Heaptalk, Jakarta – In conjunction with the World Sea Turtle Day, the GEF/UNDP/PEMSEA ATSEA-2 Project has brought together key opinion leaders, experts, professionals, and community leaders to commemorate the endangered species of sea turtles in the Arafura and Timor Seas (ATS) region on June 21st, 2022, through a virtual webinar.
Shared by Australia, Indonesia, Papua New Guinea (PNG) and Timor-Leste, ATS region covers more than 5,000 km of coastline; impacting the lives of more than 1 million inhabitants and with an economic value of US$7.3 billion per year. The region is adjacent to the Coral Triangle, which hosts the world’s highest marine biodiversity and contains some of the most pristine and highly threatened coastal and marine ecosystems.
It is home to six species of sea turtle including green turtle (Chelonia mydas); hawksbill (Eretmochelys imbricata); loggerhead (Caretta caretta); leatherback (Dermochelys coriacea); olive ridley (Lepidochelys olivacea); and flatback turtle (Natator depressus). All species are listed as Vulnerable, Endangered or Critically Endangered, and are subject of protection via a number of national legislation instruments and via international conventions.
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Sea turtles suffer mortality through a wide range of manmade and natural impacts, including bycatch, illegal trade and direct consumption, habitat loss and climate change. According to World Wildlife Fund (WWF), 250,000 turtles died annually as bycatch and tens of thousands of sea turtles are lost each year to overharvesting and illegal trade in worldwide.
Sea turtles have been utilized for food, trade and have been part of ceremonial practices for thousands of years. Sea turtles also play important ecological roles, cropping seagrasses, foraging on sponges on coral reefs, and acting as top and middle predators in marine ecosystems.
“Sea turtles are crucial to maintaining healthy beach ecosystems and other organisms, including us, rely on them either directly or indirectly,” said Dr. Kiki Dethmers, Sea Turtle Expert Consultant of the ATSEA-2 Project. “Everything starts with awareness—about sea turtles and how they affect the oceans and coastal communities. Then, try to get involved in or even start campaigns in your region.”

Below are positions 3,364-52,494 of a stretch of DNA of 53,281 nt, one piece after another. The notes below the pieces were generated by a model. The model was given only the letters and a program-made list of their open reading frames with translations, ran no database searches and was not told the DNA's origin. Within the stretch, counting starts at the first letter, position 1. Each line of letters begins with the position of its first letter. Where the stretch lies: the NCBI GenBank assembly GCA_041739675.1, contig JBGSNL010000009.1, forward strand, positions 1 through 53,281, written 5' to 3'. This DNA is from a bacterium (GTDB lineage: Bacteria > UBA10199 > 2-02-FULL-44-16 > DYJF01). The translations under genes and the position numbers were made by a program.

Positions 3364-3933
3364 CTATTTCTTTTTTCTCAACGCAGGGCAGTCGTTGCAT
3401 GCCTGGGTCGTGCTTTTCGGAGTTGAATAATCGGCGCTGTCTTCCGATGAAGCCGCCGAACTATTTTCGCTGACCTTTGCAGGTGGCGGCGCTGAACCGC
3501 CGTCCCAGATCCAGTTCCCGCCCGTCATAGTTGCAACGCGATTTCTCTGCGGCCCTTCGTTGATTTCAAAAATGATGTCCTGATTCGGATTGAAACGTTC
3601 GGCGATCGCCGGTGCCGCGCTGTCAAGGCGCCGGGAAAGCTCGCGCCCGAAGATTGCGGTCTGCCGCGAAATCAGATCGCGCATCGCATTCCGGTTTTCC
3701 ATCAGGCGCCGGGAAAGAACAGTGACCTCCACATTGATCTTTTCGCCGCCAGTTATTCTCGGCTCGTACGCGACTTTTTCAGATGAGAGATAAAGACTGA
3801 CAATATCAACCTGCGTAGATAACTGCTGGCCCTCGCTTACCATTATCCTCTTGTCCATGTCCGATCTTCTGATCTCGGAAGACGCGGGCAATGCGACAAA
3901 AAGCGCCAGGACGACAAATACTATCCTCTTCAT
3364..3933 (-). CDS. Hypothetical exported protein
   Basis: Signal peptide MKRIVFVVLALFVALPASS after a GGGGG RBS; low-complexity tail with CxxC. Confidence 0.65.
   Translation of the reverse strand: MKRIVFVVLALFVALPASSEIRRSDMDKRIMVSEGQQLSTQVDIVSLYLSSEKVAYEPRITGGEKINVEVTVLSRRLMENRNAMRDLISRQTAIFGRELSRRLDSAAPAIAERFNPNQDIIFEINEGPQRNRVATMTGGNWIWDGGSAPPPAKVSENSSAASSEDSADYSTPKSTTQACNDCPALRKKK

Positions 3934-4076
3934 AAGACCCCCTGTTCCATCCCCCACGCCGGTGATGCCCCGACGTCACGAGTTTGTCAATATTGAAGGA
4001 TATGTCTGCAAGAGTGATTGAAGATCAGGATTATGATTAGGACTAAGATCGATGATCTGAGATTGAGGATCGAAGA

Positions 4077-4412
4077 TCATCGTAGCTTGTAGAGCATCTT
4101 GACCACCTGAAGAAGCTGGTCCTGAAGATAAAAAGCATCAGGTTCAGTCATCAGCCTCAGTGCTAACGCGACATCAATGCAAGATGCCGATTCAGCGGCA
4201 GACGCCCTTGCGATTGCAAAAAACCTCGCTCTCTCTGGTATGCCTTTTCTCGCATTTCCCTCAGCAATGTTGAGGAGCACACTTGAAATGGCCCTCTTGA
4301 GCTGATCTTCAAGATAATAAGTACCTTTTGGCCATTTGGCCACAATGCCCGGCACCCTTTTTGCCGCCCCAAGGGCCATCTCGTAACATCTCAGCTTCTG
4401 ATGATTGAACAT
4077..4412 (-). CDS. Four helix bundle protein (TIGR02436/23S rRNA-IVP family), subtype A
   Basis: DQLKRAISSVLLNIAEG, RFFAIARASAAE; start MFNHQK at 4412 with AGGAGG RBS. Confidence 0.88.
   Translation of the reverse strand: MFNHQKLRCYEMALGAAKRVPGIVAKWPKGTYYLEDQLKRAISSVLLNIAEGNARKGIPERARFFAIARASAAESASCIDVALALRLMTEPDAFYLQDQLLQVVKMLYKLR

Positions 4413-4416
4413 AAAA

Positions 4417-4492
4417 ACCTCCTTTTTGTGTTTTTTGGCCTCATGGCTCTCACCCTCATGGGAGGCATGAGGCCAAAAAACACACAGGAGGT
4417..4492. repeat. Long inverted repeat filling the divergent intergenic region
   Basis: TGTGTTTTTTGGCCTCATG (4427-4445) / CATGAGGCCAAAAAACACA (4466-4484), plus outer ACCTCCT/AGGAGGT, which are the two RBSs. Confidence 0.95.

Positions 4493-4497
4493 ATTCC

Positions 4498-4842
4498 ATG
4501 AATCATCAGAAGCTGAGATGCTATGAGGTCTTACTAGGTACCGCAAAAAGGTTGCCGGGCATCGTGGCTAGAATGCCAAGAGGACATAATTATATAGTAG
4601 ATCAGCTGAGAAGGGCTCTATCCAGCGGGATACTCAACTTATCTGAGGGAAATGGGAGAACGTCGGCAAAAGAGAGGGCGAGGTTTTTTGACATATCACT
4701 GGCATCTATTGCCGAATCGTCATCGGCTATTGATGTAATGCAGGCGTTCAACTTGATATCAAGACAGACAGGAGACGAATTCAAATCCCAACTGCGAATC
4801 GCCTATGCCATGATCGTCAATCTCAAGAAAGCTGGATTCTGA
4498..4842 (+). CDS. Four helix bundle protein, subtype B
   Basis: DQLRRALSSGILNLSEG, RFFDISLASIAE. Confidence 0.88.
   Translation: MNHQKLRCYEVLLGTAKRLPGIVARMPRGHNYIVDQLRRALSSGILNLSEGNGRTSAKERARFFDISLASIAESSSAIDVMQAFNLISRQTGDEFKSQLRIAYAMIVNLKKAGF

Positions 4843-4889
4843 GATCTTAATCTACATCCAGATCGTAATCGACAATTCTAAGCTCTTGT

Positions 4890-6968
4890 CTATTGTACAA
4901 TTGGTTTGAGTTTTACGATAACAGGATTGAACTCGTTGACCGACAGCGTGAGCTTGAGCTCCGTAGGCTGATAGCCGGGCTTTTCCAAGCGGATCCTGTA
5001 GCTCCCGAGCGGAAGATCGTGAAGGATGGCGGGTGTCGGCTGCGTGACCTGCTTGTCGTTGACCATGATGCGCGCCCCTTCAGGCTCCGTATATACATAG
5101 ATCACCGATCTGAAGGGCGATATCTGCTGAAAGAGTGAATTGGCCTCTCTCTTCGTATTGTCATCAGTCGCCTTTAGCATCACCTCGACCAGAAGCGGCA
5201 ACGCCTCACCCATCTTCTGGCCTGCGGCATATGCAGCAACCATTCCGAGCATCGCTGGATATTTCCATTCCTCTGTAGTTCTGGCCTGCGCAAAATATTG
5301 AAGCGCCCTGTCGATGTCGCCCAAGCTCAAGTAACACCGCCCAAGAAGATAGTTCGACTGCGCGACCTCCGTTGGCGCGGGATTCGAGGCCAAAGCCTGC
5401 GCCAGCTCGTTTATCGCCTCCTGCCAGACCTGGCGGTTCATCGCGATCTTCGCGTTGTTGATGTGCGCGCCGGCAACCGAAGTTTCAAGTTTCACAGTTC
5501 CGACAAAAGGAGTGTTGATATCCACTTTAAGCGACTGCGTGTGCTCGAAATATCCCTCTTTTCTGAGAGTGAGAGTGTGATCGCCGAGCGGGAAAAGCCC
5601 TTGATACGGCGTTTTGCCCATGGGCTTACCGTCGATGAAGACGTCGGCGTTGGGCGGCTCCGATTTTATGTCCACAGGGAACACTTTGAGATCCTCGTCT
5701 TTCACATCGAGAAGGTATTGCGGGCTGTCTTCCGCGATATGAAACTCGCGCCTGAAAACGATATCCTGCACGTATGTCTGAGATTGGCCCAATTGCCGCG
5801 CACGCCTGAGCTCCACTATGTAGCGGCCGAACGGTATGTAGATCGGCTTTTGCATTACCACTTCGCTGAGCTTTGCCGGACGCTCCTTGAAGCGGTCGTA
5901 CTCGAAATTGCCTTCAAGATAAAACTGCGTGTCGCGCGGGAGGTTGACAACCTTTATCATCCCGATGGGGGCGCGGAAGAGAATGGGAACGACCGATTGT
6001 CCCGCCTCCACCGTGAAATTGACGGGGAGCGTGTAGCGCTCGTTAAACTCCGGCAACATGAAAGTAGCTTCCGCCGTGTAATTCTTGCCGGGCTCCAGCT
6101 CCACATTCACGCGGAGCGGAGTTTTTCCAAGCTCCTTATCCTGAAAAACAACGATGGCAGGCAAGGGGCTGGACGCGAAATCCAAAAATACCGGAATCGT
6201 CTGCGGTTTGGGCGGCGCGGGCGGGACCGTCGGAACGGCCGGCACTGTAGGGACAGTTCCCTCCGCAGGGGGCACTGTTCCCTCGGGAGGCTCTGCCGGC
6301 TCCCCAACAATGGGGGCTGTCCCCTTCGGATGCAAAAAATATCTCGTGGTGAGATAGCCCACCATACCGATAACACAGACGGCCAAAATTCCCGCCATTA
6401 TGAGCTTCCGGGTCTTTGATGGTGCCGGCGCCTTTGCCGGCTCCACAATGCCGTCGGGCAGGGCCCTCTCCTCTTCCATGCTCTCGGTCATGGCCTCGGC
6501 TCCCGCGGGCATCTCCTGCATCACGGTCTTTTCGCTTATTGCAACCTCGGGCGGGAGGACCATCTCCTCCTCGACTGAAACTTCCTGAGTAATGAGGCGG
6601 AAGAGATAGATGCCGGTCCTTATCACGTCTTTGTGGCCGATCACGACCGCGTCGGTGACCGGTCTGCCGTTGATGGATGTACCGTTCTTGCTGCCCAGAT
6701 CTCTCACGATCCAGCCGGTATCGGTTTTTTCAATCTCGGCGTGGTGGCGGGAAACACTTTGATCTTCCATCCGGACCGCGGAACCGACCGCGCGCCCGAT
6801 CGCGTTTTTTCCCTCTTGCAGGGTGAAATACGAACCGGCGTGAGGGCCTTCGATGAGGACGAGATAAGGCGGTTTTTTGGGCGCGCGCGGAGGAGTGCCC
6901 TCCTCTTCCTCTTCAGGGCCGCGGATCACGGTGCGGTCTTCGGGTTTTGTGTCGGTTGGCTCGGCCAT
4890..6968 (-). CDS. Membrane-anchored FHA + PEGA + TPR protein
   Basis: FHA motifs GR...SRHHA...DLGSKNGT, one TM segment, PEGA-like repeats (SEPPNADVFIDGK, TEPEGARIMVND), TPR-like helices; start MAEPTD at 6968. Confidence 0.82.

According to a survey conducted by the Indonesian Turtle Foundation, between 2019 and 2020 the illegal trade value of hawksbill turtle could reach around IDR 5 billion. As a joint initiative by the government and WWF-Indonesia to save Balinese turtles by eradicating turtle trading, The Turtle Conservation and Education Center (TCEC) was built in 2006 as one of the largest conservation efforts towards Turtles in Bali.
“In TCEC, we tried to encourage the public to not to consume turtle meat and products, by providing the local community with various training programs and education, improving tourism potential and other activities as well providing job opportunities to locals of Serangan,” said I Wayan Dedi, Turtle Conservation and Education Center (TCEC) Marketing Officer.
“I learnt about the plight of sea turtles while shooting a movie and I realize how endangered they were. Therefore, I used my platform to raise awareness and fundraise for the Turtle Conservation and Education Center (TCEC) in Serangan Island, Denpasar, Bali for supporting sea turtles conservation,” said Asmara Abigail, Actress and Sea Turtles Campaigner.
Casandra Tania, Regional Biodiversity Specialist for the ATSEA-2 Project stated that as global citizens and inhabitants of planet earth, it is incumbent on all of us to treasure and protect all living creatures. “Let this day be the starting point of our contributions toward the betterment of sea turtles. Sea turtles deserve our attention,” said Casandra
In April 20th 2022, ATSEA-2 held a sea turtle expert workshop to update sea turtle status in the region and finalise the regional action plan. The workshop was attended by 27 experts from Australia, Indonesia, Papua New Guinea, and Timor-Leste. ATSEA-2 also supports the ongoing conservation initiatives done by coastal communities such as in Com Village, Lautem, Timor-Leste.
Moni Carlisle, Project Manager, Sea Environmental Management Torres Strait Regional Authority stated that conservation in the 21st century is no longer responsibility of the few who select it as a career or whose values lead them to “preserve” species for future generations. “Conservation is about communities and the sea turtle conservation in Torres Strait emphasising the involvement of Torres Islanders efforts,” said Moni.
“As climate realities and development increasingly push many species to the brink of existence, creating community-led projects where the sustainability of many endangered species and their ongoing management is critical. Especially, ones that are driven by the collaborative effort of grassroot communities, non-profits, and governments through sustainable partnerships,” Moni continued to say.
Organised in partnership with ArgoAsia, the World Sea Turtle Day by ATSEA-2 aims to highlight the importance of sea turtles and also encourages communities to dive into the threats that sea turtles face.
The main speakers for the webinar include ATSEA-2 Project Sea Turtle Expert Consultant, Dr. Kiki Dethmers; Project Manager, Sea Environmental Management Torres Strait Regional Authority, Moni Carlisle; Actress and Sea Turtle Campaigners, Asmara Abigail; and Turtle Conservation and Education Center (TCEC) Marketing Officer, I Wayan Dedi. (WLN)